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MSF in Bolivia, 2005
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Since October 2004, MSF has been working in the northern Pando department, along the border with Brazil, in a project to improve diagnosis and treatment of those with malaria, tuberculosis (TB), leprosy and leishmaniasis.
Historically, this region has been underserved by the government and its health system, and the main objective of MSF's project is to reduce the prevalence of these four diseases in the area. In addition, MSF is seeking to implement a new treatment protocol including artemisinin-based combination therapy (ACT), a more effective treatment for people with malaria.
Elsewhere in Bolivia, MSF is working to help those with Chagas disease, a parasitic and ultimately lethal illness (read more about Chagas disease here). Bolivia is home to the world's largest number of people suffering from Chagas, with 1.8 million already infected and 3.7 million at risk. MSF treated more than 750 children with the disease between April 2003 and December 2004, and another 199 children in the first half of 2005. Chagas mainly affects those living in poverty or in rural areas. MSF is treating people with Chagas disease in the town of Entre Rios in O'Connor province and in the slums of the city of Sucre. In Entre Rios, the team screens newborns and children between 9 months and 15 years of age, and in Sucre, it treats children up to 18 years old, as well as hospital blood donors and pregnant women. Children who test positive for the disease are treated with the available medicines and monitored closely for side effects.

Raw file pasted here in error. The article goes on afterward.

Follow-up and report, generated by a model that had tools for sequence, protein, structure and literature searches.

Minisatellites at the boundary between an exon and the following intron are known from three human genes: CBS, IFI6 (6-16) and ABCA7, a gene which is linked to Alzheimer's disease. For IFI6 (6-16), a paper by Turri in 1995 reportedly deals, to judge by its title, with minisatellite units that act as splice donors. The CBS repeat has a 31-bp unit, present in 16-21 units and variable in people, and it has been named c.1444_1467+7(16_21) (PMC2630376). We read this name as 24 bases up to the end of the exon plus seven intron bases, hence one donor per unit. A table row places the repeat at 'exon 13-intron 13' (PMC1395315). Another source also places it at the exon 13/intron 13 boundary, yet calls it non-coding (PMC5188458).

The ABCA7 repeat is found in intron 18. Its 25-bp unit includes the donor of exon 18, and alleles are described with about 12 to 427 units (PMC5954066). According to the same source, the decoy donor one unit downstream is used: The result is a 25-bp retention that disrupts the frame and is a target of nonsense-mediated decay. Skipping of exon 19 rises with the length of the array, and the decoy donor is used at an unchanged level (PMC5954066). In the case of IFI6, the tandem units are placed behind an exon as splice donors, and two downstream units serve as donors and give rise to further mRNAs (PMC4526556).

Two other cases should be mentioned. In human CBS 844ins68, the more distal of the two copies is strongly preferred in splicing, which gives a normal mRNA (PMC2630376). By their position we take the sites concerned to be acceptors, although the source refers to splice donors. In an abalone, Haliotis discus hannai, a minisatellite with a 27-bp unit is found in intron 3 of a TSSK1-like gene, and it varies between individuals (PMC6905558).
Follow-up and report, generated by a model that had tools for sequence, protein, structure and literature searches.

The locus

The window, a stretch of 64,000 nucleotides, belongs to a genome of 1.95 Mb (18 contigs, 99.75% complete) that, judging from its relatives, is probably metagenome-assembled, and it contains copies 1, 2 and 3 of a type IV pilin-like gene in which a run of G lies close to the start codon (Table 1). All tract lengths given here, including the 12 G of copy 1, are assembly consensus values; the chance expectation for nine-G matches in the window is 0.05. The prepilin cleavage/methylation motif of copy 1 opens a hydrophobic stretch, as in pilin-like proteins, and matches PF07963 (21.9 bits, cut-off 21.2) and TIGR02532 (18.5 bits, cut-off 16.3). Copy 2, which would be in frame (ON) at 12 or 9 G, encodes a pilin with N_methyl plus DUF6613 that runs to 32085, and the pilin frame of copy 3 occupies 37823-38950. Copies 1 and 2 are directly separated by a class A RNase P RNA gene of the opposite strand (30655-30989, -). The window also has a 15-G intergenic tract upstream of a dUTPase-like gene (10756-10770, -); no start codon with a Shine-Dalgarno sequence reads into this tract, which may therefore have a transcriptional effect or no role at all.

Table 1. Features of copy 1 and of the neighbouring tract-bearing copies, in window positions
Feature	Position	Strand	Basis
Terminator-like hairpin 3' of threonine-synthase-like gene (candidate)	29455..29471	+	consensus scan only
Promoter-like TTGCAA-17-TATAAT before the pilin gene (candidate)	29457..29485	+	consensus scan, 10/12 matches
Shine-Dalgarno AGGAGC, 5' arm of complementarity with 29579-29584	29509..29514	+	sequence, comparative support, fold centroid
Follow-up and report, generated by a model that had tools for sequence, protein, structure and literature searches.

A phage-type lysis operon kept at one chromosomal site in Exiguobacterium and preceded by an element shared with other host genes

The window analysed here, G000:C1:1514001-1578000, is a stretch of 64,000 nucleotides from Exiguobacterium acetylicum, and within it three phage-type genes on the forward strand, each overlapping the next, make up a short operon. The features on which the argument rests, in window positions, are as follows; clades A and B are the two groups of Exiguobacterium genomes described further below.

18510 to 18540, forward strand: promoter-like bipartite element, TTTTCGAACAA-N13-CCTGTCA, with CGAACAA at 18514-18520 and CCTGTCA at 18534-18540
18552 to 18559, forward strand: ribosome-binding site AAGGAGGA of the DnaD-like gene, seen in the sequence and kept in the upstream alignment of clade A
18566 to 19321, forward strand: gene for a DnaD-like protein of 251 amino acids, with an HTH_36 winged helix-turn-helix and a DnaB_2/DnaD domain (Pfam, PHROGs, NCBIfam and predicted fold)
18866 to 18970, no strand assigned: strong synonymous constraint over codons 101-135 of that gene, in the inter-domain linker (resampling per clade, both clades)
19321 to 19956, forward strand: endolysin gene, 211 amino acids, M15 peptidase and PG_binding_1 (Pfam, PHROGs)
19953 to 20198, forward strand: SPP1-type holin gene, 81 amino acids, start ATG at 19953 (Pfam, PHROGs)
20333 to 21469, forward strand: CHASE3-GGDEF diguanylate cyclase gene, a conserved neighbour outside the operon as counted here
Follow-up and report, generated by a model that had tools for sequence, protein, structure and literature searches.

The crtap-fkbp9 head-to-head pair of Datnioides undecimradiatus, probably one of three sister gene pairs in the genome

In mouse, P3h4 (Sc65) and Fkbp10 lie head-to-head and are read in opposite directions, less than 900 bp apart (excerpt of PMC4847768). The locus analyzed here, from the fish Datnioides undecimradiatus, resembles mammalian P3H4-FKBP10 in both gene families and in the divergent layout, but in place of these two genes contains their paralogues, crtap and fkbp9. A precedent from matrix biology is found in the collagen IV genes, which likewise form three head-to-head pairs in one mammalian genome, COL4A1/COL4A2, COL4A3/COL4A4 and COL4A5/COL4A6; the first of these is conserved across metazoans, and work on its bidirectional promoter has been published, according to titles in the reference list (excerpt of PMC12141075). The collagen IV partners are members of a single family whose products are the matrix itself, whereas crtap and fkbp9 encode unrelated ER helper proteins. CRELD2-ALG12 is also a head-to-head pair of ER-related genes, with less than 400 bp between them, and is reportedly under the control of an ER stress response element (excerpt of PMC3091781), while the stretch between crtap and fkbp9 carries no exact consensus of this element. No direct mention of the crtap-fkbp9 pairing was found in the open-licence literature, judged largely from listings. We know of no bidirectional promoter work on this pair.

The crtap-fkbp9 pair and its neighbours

In March 2005, MSF presented a new book of photography on Chagas disease at a meeting in Santa Cruz of INCOSUR, an organization of South American countries working to eliminate many of the diseases affecting the region. The book highlights the consequences and contexts of the disease, and most of the photos were taken at MSF's project in Entre Rios. The photos were also displayed as part of an exposition shown at the meeting to help raise awareness about this health problem.
At the national level, MSF teams in Bolivia have raised concerns about access to essential medicines and treatments, particularly those that could be affected by negotiations over a free trade agreement between Bolivia and the United States. During negotiation rounds held in 2004 and 2005, MSF urged the Bolivian government to exclude intellectual property provisions from the US-Andean free trade negotiations. MSF is concerned that such provisions would have a devastating effect on access to medicines for millions of people living in Bolivia and across the Andean region because they would dramatically limit the availability of generic drugs on the market.
MSF has worked in Bolivia since 1986.